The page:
Characterization and Comparison of Disulfide Linkages and Scrambling Patterns in Therapeutic Monoclonal Antibodies: Using LC-MS with Electron Transfer Dissociation
journal contributionposted on 15.04.2011, 00:00 by Yi Wang, Qiaozhen Lu, Shiaw-Lin Wu, Barry L. Karger, William S. Hancock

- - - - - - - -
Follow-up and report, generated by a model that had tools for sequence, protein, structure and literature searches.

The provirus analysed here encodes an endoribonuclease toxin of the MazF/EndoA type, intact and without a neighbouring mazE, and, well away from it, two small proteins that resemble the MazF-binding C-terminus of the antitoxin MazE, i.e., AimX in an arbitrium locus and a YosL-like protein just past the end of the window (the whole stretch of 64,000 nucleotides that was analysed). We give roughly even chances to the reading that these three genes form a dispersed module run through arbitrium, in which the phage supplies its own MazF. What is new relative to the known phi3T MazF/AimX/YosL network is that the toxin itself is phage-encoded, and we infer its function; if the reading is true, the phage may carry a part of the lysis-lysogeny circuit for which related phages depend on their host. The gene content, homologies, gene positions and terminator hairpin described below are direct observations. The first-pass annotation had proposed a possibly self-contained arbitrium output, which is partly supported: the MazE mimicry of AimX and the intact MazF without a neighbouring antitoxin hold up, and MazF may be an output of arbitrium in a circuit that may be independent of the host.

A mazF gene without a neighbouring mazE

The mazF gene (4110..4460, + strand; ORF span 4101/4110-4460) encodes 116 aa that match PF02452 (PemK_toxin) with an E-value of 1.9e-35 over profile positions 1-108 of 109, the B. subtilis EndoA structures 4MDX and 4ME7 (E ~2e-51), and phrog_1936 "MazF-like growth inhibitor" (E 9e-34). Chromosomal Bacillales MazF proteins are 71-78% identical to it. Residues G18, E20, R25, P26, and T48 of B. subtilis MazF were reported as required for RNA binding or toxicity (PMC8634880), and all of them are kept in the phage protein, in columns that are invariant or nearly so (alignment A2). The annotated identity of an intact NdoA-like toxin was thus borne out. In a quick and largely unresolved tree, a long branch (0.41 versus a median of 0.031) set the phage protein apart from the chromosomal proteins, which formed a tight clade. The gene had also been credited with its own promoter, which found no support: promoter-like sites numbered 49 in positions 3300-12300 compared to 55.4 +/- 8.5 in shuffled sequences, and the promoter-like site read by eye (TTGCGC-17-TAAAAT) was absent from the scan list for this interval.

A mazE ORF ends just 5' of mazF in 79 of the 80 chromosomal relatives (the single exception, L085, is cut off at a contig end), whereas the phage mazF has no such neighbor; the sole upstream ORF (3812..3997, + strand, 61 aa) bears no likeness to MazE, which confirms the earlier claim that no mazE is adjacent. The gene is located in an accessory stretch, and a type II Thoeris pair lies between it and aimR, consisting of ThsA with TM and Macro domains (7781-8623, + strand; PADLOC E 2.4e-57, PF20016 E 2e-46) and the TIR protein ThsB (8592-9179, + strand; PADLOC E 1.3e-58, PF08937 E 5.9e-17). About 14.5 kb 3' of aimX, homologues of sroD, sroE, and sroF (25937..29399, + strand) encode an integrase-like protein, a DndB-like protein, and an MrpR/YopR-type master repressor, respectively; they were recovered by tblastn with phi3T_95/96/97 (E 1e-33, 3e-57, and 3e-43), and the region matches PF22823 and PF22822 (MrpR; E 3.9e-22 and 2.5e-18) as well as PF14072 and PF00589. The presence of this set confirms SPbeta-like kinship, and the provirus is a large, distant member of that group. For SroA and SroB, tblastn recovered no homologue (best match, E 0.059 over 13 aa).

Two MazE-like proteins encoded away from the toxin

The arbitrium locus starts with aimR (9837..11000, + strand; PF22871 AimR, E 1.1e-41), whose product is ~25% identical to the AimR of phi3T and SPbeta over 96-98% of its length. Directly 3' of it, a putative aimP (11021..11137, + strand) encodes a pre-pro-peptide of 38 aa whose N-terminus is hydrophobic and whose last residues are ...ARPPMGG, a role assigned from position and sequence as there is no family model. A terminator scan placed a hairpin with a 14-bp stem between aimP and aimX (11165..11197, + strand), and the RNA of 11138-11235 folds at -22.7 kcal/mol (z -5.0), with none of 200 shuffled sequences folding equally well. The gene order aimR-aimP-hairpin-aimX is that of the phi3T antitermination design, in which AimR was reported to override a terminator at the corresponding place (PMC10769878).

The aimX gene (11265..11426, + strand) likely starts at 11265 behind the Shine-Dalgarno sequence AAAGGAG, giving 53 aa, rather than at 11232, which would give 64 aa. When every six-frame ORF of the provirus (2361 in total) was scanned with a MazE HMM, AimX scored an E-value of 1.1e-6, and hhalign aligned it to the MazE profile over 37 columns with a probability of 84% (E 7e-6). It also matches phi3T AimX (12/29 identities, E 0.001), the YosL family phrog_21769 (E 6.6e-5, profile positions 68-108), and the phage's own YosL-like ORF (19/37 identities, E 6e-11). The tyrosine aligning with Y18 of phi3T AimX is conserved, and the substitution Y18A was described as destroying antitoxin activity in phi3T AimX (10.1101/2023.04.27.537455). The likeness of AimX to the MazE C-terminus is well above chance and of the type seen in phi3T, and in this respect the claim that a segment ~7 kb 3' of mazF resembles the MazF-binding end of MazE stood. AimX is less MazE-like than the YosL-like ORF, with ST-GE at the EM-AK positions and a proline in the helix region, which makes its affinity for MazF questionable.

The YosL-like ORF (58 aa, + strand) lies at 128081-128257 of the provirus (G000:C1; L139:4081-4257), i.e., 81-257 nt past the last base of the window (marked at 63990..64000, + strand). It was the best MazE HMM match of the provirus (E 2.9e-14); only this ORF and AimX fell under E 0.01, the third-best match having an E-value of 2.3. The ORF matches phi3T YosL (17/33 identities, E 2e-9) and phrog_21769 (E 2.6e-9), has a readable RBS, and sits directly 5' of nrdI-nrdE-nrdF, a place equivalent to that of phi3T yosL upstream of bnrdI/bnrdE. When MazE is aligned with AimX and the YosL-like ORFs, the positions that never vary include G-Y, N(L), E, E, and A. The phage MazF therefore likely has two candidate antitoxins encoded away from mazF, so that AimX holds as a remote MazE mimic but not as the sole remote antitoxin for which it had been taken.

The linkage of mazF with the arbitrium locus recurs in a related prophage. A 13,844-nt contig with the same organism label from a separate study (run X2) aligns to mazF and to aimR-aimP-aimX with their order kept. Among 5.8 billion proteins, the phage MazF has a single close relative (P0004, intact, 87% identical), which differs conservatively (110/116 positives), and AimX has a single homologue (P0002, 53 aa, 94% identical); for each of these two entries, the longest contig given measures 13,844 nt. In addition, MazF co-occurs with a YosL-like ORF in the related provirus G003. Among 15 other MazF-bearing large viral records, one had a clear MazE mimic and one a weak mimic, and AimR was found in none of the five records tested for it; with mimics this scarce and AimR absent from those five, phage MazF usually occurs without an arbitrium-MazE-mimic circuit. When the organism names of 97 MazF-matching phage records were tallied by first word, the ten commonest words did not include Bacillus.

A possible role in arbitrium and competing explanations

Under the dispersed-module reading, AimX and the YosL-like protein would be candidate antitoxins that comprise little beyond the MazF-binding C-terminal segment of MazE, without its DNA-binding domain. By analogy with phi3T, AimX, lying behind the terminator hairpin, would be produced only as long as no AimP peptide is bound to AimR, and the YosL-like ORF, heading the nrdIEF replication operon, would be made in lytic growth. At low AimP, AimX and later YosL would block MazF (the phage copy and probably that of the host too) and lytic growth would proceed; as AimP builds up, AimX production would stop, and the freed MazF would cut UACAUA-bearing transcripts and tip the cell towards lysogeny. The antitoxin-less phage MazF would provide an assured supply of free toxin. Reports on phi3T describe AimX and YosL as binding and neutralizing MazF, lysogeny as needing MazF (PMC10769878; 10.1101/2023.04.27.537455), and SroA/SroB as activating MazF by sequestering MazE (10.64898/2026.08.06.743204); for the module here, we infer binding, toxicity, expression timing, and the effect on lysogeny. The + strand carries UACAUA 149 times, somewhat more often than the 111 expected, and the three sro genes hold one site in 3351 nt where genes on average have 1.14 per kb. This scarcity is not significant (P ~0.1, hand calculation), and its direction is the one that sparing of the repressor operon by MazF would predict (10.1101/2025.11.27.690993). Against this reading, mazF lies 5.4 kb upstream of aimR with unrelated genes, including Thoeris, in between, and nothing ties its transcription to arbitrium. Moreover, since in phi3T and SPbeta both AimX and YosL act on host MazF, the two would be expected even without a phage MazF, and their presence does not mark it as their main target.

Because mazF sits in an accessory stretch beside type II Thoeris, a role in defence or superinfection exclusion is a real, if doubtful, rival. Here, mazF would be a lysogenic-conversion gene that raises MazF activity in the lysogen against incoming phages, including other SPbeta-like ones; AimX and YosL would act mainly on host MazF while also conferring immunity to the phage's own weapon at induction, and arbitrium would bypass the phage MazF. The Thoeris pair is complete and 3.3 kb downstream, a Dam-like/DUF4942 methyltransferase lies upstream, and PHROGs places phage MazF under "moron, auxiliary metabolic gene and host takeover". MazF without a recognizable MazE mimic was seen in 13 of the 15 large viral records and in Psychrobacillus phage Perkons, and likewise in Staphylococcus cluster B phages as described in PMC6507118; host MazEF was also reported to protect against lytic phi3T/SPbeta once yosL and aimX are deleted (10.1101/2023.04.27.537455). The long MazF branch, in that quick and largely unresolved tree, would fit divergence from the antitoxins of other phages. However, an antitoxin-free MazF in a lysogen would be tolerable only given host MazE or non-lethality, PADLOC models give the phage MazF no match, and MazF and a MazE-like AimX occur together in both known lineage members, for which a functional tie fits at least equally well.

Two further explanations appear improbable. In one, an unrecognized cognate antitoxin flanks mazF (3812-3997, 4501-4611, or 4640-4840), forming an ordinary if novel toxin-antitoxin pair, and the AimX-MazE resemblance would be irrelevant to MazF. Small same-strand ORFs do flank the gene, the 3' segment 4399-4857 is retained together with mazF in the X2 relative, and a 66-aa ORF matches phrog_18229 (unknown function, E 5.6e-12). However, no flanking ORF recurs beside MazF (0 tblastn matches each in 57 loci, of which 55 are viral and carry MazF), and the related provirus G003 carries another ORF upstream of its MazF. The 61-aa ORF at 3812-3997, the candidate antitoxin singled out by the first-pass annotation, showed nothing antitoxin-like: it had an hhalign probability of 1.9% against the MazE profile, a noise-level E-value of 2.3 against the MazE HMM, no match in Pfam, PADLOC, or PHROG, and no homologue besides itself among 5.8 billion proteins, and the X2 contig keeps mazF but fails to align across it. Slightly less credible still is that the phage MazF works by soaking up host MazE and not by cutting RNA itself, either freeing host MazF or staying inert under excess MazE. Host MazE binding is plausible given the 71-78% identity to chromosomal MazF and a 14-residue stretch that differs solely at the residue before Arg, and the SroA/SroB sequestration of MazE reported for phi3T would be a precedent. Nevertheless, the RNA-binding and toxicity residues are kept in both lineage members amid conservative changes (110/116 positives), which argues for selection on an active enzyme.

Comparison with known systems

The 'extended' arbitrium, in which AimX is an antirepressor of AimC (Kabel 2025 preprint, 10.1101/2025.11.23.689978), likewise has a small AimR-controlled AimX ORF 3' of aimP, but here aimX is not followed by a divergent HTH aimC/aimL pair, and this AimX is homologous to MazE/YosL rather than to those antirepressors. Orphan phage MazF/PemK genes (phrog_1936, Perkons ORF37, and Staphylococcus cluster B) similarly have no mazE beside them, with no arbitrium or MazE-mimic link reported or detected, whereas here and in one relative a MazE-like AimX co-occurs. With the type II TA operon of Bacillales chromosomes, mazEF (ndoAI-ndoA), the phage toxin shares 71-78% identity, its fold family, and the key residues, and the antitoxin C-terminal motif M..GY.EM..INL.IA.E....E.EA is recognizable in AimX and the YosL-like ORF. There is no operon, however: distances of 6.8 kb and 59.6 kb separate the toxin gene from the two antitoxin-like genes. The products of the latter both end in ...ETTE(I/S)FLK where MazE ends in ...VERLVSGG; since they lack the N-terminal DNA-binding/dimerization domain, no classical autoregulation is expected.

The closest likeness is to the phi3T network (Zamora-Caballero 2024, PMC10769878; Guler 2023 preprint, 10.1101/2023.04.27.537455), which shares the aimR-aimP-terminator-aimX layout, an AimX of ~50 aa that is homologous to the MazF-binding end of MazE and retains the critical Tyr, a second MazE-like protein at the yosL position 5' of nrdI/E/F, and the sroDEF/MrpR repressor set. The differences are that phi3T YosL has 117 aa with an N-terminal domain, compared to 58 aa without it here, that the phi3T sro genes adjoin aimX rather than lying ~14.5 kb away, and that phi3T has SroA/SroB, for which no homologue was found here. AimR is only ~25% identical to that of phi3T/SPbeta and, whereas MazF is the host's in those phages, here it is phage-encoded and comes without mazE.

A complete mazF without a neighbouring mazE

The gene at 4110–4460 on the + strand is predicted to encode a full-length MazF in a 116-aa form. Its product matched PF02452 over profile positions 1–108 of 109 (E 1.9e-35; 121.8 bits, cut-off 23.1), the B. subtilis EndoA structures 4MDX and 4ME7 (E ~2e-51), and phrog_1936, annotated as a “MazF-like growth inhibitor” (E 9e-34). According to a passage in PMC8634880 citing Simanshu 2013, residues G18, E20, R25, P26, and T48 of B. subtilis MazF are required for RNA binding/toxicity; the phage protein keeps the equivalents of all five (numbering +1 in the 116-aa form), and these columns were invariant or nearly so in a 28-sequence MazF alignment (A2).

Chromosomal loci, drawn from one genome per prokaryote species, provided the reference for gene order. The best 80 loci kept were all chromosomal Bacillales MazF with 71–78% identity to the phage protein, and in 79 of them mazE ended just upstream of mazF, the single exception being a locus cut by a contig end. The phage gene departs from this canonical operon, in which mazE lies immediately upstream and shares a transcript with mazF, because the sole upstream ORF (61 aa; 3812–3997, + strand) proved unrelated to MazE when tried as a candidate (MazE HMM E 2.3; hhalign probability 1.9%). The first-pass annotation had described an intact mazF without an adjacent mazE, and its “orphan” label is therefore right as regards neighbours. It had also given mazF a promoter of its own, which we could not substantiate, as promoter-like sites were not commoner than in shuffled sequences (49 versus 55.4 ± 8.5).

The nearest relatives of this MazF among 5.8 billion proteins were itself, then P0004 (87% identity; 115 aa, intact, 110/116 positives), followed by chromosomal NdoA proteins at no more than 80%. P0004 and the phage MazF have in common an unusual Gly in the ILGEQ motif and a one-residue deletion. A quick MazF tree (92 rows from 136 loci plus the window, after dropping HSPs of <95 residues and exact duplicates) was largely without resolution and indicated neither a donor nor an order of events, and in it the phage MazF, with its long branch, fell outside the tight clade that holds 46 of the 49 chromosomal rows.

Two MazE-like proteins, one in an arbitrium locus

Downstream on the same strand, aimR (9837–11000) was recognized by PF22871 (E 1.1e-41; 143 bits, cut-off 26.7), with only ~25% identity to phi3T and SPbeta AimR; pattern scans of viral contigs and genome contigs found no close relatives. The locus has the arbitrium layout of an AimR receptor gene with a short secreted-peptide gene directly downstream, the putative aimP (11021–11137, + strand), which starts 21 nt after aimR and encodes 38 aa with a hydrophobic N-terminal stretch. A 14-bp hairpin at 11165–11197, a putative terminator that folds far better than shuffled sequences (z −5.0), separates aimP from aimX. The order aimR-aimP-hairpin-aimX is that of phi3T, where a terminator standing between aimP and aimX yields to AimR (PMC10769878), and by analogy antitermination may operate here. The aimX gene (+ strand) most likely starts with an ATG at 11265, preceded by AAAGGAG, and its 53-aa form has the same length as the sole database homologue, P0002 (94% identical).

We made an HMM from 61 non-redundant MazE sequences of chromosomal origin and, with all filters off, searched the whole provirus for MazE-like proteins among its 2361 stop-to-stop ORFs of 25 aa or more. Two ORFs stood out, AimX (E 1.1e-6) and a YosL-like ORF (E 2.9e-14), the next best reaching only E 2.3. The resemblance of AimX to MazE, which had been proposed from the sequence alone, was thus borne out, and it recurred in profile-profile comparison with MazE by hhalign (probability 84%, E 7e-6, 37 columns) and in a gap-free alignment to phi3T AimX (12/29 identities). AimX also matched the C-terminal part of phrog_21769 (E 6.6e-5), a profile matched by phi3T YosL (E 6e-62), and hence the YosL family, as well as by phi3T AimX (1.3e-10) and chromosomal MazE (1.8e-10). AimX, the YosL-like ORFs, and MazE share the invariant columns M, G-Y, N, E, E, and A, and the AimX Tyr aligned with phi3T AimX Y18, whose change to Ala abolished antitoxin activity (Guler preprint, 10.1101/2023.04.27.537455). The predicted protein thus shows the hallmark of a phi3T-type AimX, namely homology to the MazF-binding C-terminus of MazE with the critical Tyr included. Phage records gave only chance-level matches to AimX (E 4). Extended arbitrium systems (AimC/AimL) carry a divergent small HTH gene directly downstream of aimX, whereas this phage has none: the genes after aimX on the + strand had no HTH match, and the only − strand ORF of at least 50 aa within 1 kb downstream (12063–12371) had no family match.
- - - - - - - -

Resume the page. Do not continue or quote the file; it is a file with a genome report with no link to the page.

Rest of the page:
The disulfides in three monoclonal antibodies (mAb), the anti-HER2, anti-CD11a, and GLP-1 with IgG4-Fc fusion protein, were completely mapped by LC-MS with the combination of electron-transfer dissociation (ETD) and collision induced dissociation (CID) fragmentation. In addition to mapping the 4 inter- and 12 intrachain disulfides (total 16), the identification of scrambled disulfides in degraded samples (heat-stress) was achieved. The scrambling was likely attributed to an initial breakage between the light (Cys 214) and heavy (Cys 223) chains in anti-HER2, with the same observation found in a similar therapeutic mAb, anti-CD11a. On the other hand, the fusion antibody, with no light chain but containing only two heavy chains, generated much less scrambling under the same heat-stressed conditions. The preferred sites of scrambling were identified, such as the intrachain disulfide for CxxC in the heavy chain, and the C194 of the heavy chain pairing with the terminal Cys residue (C214) in the light chain. The interchain disulfides between the light and heavy chains were weaker than the interchain disulfides between the two heavy chains. The relative high abundance ions observed in ETD provided strong evidence for the linked peptide information, which was particularly useful for the identification of the scrambled disulfides. The use of sodium dodecyl sulfate polyacrylamide gel electrophoresis (SDS-PAGE) helped the separation of these misfolded proteins for the determination of scrambled disulfide linkages. This methodology is useful for comparison of disulfide stability generated from different structural designs and providing a new way to determine the scrambling patterns, which could be applied for those seeking to determine unknown disulfide linkages.